Times: Religion, Religion, Religion

Religion items of note in the Times this weekend:

"EARLIER this month state senators in Tennessee approved an update to our sex-education law that would ban teachers from discussing hand-holding, which it categorizes as “gateway sexual activity.” The bill came fast on the heels of a new state law that effectively allows creationism to be taught in our classrooms. Though he voiced misgivings, our governor, Bill Haslam, refused to veto it..."            

IT IS FICTION -- In the Magazine, "My Son Went to Heaven, and All I Got Was a No. 1 Best Seller" by MAUD NEWTON  puts 'nonfiction' in quotes - finally somebody is pointing out that the book is on the wrong list - and she opines towards the end about a book by Todd Burpo that has been a 'nonfiction' bestseller:  "...In the Middle Ages, Christians’ near-death narratives explicitly involved harsh judgment and infernal torment. All of that awaits the ungodly in Colton’s 'nonfiction' story too. You just don’t notice it at first, what with Jesus, his rainbow steed and the seraphim..."

The Book Review section has Barnard professor RANDALL BALMER at first dissecting Ross Douthat's book and then turning his review into a syllabus. The review part informs us that 'Ross Douthat’s contribution to this genre, “Bad Religion: How We Became a Nation of Heretics,” laments the departure from what he calls “a Christian center,” which “has helped bind together a teeming, diverse and fissiparous nation.” Absent a national church, he argues, Christianity “has frequently provided an invisible mortar for our culture and a common vocabulary for our great debates.”'

To the Editor:
Jonathan Rosen didn’t review my book “The Crisis of Zionism” (April 15); he evaded it. At my book’s heart is this claim: While the Palestinians absolutely bear part of the blame for the lack of a two-state solution (I call Yasir Arafat’s role in the second intifada a “crime” and Palestinian terrorism “grotesque”), settlement building imperils Israel’s future as a democratic Jewish state. Does Rosen agree? He doesn’t say. Does he agree that American Jewish organizations should be more willing to publicly challenge Israeli policy when it violates the promise of “complete equality of social and political rights . . . irrespective of race, religion and sex” in Israel’s declaration of independence? He doesn’t say. Does he agree that some of the most committed younger American Jews are alienated by the organized Jewish community’s unwillingness to permit a truly open debate about Israeli policy? He doesn’t say.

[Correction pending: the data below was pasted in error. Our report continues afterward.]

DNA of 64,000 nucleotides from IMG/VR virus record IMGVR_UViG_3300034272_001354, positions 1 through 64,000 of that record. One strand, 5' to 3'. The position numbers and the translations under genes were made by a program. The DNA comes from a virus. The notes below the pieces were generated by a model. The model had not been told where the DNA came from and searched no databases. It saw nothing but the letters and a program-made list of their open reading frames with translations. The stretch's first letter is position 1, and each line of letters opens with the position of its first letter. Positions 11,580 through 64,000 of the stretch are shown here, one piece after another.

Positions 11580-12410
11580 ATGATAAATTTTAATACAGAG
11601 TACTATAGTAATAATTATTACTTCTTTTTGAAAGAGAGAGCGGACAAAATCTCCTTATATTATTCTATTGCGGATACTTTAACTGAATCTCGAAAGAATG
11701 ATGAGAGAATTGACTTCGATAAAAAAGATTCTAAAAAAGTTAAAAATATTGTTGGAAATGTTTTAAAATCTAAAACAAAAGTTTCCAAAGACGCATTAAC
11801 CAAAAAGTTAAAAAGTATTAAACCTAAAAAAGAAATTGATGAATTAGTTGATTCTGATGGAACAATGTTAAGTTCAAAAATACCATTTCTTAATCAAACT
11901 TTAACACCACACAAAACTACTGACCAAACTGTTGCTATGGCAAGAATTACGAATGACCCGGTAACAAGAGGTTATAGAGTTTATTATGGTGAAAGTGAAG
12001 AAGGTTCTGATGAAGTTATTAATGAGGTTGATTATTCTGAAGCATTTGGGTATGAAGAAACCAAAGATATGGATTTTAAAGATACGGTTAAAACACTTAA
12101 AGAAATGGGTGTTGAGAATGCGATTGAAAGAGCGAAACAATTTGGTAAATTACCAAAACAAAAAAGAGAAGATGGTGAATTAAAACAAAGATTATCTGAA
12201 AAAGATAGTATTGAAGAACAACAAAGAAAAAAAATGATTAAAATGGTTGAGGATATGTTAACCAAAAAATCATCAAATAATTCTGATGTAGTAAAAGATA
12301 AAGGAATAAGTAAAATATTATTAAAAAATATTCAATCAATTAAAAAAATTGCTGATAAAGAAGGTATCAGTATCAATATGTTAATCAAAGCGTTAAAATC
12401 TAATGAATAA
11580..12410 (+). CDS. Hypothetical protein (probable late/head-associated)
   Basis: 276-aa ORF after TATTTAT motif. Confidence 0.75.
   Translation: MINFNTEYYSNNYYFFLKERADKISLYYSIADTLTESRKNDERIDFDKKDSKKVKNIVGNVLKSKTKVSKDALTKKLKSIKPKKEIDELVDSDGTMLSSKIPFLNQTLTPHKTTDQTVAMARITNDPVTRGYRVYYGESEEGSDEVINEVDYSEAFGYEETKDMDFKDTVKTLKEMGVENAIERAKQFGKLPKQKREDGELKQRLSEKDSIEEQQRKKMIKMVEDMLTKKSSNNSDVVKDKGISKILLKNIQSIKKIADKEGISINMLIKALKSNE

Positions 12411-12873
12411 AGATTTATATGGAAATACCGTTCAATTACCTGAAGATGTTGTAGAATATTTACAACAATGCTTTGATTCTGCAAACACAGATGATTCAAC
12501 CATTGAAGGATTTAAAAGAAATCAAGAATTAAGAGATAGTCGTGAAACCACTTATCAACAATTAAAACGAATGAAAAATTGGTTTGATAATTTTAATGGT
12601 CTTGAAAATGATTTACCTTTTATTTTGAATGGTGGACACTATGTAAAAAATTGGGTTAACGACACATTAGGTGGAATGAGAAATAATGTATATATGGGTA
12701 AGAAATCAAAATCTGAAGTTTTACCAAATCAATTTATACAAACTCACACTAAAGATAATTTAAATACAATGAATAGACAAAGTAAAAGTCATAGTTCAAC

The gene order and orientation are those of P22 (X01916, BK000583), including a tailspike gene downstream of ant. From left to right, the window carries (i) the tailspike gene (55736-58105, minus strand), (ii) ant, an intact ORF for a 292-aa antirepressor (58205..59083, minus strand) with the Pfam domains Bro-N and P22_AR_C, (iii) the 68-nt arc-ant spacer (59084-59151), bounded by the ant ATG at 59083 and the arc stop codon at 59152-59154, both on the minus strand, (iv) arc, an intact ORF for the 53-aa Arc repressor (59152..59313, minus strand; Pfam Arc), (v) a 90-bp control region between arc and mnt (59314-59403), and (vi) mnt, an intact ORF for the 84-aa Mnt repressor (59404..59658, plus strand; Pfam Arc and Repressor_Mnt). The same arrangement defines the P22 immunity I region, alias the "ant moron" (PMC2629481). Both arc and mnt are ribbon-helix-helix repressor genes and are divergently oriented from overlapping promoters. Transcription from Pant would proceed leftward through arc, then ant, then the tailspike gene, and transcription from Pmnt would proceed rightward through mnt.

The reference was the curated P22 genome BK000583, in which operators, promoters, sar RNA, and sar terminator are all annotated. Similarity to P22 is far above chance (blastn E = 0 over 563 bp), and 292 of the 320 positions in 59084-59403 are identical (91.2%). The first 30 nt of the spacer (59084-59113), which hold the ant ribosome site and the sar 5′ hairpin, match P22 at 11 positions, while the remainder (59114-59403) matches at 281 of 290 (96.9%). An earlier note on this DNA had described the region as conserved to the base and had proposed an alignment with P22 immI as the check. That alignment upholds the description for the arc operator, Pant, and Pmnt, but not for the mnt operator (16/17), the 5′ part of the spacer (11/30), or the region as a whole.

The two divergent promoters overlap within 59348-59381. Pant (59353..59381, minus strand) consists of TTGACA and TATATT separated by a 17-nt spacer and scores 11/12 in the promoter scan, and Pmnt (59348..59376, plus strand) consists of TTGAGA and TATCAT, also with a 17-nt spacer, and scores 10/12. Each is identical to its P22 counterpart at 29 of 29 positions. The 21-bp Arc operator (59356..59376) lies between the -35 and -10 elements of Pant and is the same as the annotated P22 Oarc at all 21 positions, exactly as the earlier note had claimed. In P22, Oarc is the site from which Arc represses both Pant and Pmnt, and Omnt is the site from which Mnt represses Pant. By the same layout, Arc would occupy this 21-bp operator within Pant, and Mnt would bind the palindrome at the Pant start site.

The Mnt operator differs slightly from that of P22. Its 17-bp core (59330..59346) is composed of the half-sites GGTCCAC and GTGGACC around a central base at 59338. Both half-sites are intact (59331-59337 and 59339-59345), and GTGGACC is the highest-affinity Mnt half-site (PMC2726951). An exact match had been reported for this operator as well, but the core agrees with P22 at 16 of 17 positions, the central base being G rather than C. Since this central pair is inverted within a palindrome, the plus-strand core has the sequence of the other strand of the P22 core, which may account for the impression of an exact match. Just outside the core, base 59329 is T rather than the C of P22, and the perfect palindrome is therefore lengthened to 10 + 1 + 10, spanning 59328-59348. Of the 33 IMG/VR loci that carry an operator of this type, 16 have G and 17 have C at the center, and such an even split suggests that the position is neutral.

Instead, he calls my book simplistic. In fact, it contains a detailed, multicausal account of the failure of the peace process between 1993 and 2009, and the most in-depth account yet written, based on dozens of interviews, of its failure in the Obama and Netanyahu years.

Rosen’s review deals with none of this complexity. But there are simple truths as well as complex ones. One of those simple truths is that holding territory in which one ethnic group enjoys citizenship, the right to vote, free movement and due process while another ethnic group is denied those rights is unjust and corrosive of a country’s democratic fiber. Evading that basic truth does not constitute intellectual sophistication. It constitutes moral abdication.


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